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Fibroblast Growth Factors as Local Mediators of Gonadal Function

  • Andrew Baird
  • Naoya Emoto
  • Shunichi Shimasaki
  • Ana Maria Gonzalez
  • Bart Fauser
  • Aaron J. W. Hsueh

Abstract

Although the presence and effects of many growth factors in gonadal tissues has been established by several investigators (1–4), their physiological function remains, to a large extent, speculative. The main reason behind this problem is the fact that in in vitro assays, growth factors have a tremendous number of biological activities. A case in point is basic fibroblast growth factor, basic FGF (3,4). This mitogen is characterized by its ability to elicit a neovascular response in in vivo assays of angiogenesis (5) and is thought to participate in these processes in the reproductive system (3). Yet these growth factors are also characterized by their capacity to modulate the growth and function of a wide number of cells (6,7). These include granulosa, adrenocortical, endothelial and smooth muscle cells, chondrocytes and fibroblasts, just to name a few. In some instances, basic FGF has no effect on cell proliferation, but only affects differentiated function (8–10). In other cases, its mitogenic activity appears to be the predominant activity (6,7). With the structural characterization of basic FGF, it has become of paramount importance to establish its possible physiological function(s) in tissues where it has been identified. At first glance, its pleiotropic activities might seem to preclude determining a specific function for this molecule; however, the discovery that it is widely distributed and found in almost all tissues suggests that its biological activities are local and thus potentially highly specific for any given environment. On this basis, it seems unlikely that an adrenal-derived FGF plays the function of a wound healing and/or angiogenic factor. More likely it is involved in adrenocortical homeostasis, an activity of the molecule in vitro (11).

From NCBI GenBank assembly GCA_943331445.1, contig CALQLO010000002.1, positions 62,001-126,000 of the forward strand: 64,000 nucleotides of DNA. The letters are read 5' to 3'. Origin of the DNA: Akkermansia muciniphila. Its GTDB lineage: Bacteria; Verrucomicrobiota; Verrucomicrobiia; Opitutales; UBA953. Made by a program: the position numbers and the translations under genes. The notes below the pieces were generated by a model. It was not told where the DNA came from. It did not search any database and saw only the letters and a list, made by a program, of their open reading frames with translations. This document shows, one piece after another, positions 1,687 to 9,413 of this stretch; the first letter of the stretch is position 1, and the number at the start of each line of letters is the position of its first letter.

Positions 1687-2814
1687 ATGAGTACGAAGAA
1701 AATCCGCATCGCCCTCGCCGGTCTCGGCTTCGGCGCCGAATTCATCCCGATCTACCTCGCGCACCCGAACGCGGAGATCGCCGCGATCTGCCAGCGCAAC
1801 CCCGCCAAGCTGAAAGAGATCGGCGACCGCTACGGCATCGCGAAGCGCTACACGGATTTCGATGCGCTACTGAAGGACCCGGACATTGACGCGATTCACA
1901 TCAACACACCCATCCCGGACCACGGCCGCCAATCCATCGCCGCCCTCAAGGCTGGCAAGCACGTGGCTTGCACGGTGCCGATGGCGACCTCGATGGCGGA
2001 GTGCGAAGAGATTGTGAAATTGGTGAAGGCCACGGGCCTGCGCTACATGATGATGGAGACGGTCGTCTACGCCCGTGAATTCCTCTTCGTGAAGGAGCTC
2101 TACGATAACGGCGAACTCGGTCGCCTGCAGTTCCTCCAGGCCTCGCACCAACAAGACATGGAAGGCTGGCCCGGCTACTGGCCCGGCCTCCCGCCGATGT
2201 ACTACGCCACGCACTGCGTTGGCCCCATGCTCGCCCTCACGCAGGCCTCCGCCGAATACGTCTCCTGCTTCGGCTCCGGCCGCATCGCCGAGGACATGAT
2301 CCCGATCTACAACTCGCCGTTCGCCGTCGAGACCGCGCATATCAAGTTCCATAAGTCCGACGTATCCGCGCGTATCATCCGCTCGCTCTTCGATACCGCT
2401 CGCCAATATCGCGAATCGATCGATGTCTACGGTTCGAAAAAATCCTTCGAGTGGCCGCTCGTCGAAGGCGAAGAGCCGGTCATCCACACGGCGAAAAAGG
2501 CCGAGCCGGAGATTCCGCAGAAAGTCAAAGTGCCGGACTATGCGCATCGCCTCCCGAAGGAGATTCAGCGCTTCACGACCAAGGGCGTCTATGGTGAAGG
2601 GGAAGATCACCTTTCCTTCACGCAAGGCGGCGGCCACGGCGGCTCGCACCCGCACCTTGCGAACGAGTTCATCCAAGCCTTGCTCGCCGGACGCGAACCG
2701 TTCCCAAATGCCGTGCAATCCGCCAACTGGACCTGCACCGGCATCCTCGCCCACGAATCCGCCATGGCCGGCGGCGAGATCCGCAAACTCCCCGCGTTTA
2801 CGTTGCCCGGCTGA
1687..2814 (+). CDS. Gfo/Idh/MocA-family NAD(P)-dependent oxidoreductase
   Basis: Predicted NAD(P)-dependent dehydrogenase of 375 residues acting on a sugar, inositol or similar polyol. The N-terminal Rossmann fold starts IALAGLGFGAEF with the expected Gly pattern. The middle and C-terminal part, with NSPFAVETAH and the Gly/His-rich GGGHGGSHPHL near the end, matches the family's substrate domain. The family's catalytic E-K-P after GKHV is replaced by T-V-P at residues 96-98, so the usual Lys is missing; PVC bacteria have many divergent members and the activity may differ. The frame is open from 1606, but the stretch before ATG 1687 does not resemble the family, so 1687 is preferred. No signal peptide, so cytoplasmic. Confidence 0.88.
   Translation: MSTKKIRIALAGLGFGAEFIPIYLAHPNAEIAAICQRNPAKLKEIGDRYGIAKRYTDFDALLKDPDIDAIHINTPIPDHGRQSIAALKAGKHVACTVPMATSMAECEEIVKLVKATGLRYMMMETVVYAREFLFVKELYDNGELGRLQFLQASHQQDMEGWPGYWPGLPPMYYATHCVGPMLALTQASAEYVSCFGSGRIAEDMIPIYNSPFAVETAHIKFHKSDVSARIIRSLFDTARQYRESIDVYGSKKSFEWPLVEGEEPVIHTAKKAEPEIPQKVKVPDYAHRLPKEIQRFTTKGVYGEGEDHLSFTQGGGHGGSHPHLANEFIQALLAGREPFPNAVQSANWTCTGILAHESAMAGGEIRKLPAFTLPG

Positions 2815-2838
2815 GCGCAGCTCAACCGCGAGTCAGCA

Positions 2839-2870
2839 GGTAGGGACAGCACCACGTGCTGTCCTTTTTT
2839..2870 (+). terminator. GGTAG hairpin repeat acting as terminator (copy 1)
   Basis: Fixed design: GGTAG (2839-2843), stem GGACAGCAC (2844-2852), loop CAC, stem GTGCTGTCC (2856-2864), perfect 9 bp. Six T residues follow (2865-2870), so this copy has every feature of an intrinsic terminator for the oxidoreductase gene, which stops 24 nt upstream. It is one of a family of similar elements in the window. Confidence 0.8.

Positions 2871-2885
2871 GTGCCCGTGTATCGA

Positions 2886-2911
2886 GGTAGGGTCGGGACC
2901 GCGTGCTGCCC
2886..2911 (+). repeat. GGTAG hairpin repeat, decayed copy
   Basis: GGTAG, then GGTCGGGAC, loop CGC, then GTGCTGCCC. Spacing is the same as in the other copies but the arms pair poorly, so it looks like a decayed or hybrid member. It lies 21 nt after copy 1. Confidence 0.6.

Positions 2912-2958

Keywords

Fibroblast Growth Factor Granulosa Cell Fibroblast Growth Factor Receptor Basic Fibroblast Growth Factor Aromatase Activity 
These keywords were added by machine and not by the authors. This process is experimental and the keywords may be updated as the learning algorithm improves.

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Copyright information

© Plenum Press, New York 1989

Authors and Affiliations

  • Andrew Baird
    • 1
  • Naoya Emoto
    • 1
  • Shunichi Shimasaki
    • 1
  • Ana Maria Gonzalez
    • 1
  • Bart Fauser
    • 2
  • Aaron J. W. Hsueh
    • 2
  1. 1.Laboratories for NeuroendocrinologyThe Salk InstituteLa JollaUSA
  2. 2.Department of Reproductive MedicineUniversity of California at San DiegoSan DiegoUSA

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